The complicated steps to kiss cable good-bye

Michele Murphy

The WOW bill arrived last week and I completely understand the company’s name, but for reasons I doubt it ever intended.

I'm done hemming and hawing about making a switch, although the problem about which switch is best for me still looms. Are you asking that question, too? Seems possible based on the volume of social media posts I see that aren't exactly love notes to cable providers.

Typically, I've just switched back and forth between cable companies. I do not understand a business model that punishes loyal customers with higher prices while offering new customers inexpensive entry points.

I called Time Warner and the out-the-door price to match my current services saves me about $50 a month.

I asked whether I could somehow eliminate the monthly fees for cable boxes to accrue additional savings. By now the salesperson and I are buddies so she told me she uses Roku at her home. That clicked. I finally recognized one of the names I've heard in connection with streaming services.

Off I go in search of Roku because I'd calculated it would pay for itself in a few months plus I'd never again have to return the darn boxes to some obscure office.

Please know there are other options you may find better suit your needs. Some services currently offer a Roku device with prepaid subscriptions. Also, you cannot completely divorce the cable guy because you must maintain Wi-Fi (internet) for streaming to work.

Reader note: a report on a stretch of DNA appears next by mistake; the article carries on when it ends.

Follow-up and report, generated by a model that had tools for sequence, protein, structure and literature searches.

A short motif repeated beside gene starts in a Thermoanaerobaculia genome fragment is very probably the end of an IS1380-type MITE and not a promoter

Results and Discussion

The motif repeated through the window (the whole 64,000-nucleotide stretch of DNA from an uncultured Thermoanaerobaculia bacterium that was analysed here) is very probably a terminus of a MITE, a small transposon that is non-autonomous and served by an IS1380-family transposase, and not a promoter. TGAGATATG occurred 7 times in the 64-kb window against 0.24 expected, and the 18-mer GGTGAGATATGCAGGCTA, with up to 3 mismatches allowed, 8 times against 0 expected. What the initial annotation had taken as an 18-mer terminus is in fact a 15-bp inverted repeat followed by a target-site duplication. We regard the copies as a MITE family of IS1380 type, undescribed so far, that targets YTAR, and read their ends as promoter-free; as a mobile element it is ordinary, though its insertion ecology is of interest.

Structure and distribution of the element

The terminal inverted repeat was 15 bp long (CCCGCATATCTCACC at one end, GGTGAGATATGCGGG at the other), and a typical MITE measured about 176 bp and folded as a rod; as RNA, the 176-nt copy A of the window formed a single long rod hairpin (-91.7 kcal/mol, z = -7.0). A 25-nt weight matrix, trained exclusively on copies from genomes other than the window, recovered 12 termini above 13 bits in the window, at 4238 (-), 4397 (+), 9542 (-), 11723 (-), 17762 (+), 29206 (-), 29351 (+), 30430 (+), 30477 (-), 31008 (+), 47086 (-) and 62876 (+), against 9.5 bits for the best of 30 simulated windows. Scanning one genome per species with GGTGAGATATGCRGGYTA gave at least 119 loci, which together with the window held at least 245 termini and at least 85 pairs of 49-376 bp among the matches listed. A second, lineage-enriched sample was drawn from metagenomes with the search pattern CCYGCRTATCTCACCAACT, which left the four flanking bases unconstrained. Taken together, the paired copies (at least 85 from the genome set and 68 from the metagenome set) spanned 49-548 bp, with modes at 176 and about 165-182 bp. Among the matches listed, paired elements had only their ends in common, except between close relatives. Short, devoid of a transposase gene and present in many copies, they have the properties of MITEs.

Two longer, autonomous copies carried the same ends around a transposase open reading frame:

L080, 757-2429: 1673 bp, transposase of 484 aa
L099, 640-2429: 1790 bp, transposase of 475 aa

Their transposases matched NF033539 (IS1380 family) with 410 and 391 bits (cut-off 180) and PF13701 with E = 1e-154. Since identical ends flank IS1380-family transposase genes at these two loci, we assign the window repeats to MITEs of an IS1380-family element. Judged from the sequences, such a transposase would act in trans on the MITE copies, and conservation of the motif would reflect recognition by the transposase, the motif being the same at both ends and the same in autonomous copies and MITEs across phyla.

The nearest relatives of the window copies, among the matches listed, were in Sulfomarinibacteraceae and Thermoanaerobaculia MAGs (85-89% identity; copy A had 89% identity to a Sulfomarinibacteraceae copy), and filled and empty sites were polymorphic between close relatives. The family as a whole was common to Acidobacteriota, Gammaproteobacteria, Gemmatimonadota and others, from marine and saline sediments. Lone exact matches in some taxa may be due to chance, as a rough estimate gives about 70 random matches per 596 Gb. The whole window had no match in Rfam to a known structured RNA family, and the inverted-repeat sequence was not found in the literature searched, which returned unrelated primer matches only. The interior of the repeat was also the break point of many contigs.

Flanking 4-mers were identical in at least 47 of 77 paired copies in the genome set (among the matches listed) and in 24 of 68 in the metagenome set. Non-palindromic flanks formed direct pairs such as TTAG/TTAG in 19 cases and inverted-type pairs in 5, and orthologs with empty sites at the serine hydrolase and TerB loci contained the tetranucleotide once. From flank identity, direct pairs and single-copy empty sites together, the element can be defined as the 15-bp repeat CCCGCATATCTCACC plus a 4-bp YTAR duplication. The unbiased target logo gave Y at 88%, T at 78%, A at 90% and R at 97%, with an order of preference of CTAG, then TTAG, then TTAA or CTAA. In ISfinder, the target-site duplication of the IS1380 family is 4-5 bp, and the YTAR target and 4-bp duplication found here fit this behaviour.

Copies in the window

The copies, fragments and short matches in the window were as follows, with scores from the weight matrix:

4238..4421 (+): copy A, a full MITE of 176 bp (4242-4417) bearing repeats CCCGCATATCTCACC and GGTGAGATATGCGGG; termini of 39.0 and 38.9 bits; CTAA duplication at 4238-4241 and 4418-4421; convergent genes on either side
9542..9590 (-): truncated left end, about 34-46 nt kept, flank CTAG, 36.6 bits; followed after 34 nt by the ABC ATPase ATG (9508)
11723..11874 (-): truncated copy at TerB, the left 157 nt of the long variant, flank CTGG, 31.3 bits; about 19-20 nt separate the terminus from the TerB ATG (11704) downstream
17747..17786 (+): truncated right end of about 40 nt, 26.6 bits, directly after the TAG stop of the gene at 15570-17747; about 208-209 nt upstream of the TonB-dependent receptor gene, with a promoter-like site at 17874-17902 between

I'm feeling more confident about next steps until the nice salesman at Best Buy helps me realize one or a combination of available streaming services may work as well, or better, for me than the cable company. He reeled off names like Sling, Hulu, YouTube TV and others I have already forgotten. But just like the services may provide a Roku with a paid subscription, Roku, once attached to a TV, offers free trials for several streaming services.

I investigate the various services, their plans, station lineups and costs. Another reality sets in. I just may not get the same number of stations I now have. So, how many stations do I watch regularly? What can't I live without?

As the choices come into focus, I call Gerry Vogel at Avon Lake Public Library (ALPL). He recently had a standing-room only crowd turn up on a night when the weather was foul to hear him talk about "Cutting the Cord."

He explains the industry is changing more rapidly than most of us can keep up with. New services are entering the market constantly. What is free today with your Netflix or Amazon Prime account could very well cost you next year, maybe next month. Vogel says a lot of people are having trouble adjusting to the huge paradigm shift that has occurred with just television viewing, much less streaming options. We're no longer forced to be home at a certain hour on a certain day to view the latest episode of a favorite series. With streaming service, we can watch whenever we want. This is hard to adjust to if you've spent decades tethered to TV schedules.

Figuring out a device that allows you to stream, and then streaming services that provide the news, sports and entertainment you enjoy, may just cause you to throw your hands in the air and stay with the cable company. In truth, your hands ought to be glued to your wallet. Cable companies count (pun intended) on your being afraid or otherwise unwilling to make the change.

They're not getting another dollar from me except for internet. What about you? Still need help? Then head over to ALPL at 7 tonight when Vogel will again present "Cutting the Cord."

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